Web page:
Britain-based Taji Mustafa from the Muslim political group Hizb ut-Tahrir flew out of Australia on Monday night, leaving behind a trail of controversy after the Opposition tagged him as a hate preacher and called for the cancellation of his visa.
However, before his flight, Mr Mustafa - who addressed on Sunday the Sydney Islam conference titled Muslim's Rise - Caliphate Imminent - made statements that could fuel the Coalition's charge that he preaches hatred.
Although he expressed concern about the violent Saturday protest that resulted in injury to 17 people, Mr Mustafa said the rally was good for the wider audience to witness growing global anger against the United States. He said the anger was not just over the video Innocence of Muslims posted on YouTube.
"The film really is a trigger for many deep-seated feelings about the actions of Western governments in the Muslim world. Many Muslims feel under attack - not physically on the streets of Melbourne or Canberra, but when they look to their brothers and sisters in Iraq, they see physical occupation," ABC quoted Mr Mustafa who is for peaceful political protests.
Julie Bishop of the Coalition pointed out the group called for military destruction at its conference in Sydney in 2011 while one of their leaders approved of the killing of Australian soldiers in Afghanistan.
However, Immigration Minister Chris Bowen stressed the Islamic political party is not flagged as a terrorist movement.
Ms Bishop emphasised that the anti-Islam video was not produced or endorsed by the U.S. government and even condemned by American officials.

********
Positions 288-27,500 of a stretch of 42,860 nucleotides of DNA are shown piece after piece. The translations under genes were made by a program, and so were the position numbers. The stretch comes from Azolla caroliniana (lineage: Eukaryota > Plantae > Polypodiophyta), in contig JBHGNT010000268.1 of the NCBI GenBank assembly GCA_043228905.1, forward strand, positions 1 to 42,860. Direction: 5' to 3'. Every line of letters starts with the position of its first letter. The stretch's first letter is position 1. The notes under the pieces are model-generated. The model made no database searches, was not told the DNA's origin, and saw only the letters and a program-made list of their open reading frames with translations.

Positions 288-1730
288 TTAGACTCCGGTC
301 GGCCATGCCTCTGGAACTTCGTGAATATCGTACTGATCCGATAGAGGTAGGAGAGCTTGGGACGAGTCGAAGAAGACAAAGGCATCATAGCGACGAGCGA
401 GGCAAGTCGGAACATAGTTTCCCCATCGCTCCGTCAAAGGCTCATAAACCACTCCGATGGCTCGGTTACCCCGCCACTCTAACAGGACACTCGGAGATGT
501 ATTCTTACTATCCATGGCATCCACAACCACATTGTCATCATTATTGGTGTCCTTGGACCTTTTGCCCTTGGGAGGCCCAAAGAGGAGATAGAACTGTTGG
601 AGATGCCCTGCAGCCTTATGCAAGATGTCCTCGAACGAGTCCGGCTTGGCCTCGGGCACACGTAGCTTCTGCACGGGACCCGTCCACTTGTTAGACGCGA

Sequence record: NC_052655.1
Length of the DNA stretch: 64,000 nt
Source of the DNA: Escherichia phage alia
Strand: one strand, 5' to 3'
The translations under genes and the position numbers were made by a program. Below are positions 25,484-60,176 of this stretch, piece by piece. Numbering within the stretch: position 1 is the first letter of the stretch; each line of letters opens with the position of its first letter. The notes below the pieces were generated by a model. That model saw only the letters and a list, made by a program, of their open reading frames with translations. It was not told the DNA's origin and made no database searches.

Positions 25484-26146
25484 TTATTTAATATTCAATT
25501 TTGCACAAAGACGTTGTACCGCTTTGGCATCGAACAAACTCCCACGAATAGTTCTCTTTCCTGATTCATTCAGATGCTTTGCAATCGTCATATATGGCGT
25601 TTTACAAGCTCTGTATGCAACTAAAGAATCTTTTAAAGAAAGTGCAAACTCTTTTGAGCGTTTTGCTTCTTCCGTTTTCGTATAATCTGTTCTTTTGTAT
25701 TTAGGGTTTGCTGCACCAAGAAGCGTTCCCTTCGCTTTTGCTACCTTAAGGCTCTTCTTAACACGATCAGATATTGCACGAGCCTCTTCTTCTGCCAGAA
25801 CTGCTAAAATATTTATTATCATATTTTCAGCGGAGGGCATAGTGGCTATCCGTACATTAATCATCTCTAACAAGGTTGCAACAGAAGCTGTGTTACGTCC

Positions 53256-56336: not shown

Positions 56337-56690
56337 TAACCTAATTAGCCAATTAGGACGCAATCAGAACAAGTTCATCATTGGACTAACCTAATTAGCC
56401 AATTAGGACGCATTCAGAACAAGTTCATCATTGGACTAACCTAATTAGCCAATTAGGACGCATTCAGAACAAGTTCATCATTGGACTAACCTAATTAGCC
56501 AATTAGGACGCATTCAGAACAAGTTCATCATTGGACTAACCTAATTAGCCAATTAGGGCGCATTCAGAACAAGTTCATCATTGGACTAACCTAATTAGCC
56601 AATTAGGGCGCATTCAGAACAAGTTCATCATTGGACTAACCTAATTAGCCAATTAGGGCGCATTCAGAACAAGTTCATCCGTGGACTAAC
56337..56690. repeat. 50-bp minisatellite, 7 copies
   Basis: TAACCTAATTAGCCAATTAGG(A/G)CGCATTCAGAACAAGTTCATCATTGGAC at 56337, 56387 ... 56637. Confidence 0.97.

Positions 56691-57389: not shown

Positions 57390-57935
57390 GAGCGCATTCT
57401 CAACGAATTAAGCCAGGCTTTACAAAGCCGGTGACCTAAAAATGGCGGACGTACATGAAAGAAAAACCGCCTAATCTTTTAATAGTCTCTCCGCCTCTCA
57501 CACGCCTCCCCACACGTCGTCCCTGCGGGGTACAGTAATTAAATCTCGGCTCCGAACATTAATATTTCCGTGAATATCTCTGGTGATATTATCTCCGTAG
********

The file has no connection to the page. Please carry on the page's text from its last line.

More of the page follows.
"The rioters had no reason whatsoever for seeking to violence the offices of the U.S. consulate in Sydney," she pointed out.
"Clearly this is not done in the name of Islam, and it is not done in the name of multiculturalism - this is actually an anathema to both of these principles . . . It is done in the name of thuggery and nothing short of that," said Mr Bowen.
The minister warned on Monday non-citizens who participated in the Saturday protest that the federal government of Australia will take action against them. About 200 Muslims, most of whom appear to be migrants or foreigners, attended the protest.
But first, the government must need to identify them and the legal action taken by the New South Wales (NSW) police, Mr Bowen said.
"This is just criminal behaviour. Nothing short of that," The Australian quoted the minister who has the power to cancel visas of migrants and visitors who fail the character test.
Politicians led by Prime Minister Julia Gillard condemned the violent protest although she expressed understanding why the video angered followers of the Islam religion. But she also scored the use by demonstrators of children who bandied placards advocating death.
Following the publication of the photo, NSW Premier Barry O'Farrell sought the identity of the placard-bearing child and asked the state Family and Community Services Department to help find the child.
Treasurer Wayne Swan said both the Parliament and Muslim leaders are against such behaviour as well.
"I think all Australian would be sickened by the behaviour that we saw over the weekend. I think we all condemn this behaviour in the strongest possible terms, particularly the use of children to carry offensive placards," ABC quoted Mr Swan.
Security expert Clive Williams warned that Muslim parents risk their children being groomed in extremist anti-Western ideology by bringing their kids to political protests. He said it represents a new challenge to national security agencies.
"The little boy who was handed that sign during the riot probably couldn't even read it. The problem here is much more among young men who might fall under the spell of more charismatic and influential members of the community who want to lead them into trouble, particularly where these young men are unemployed or from a low socio-economic background," The Australian quoted Mr Williams.
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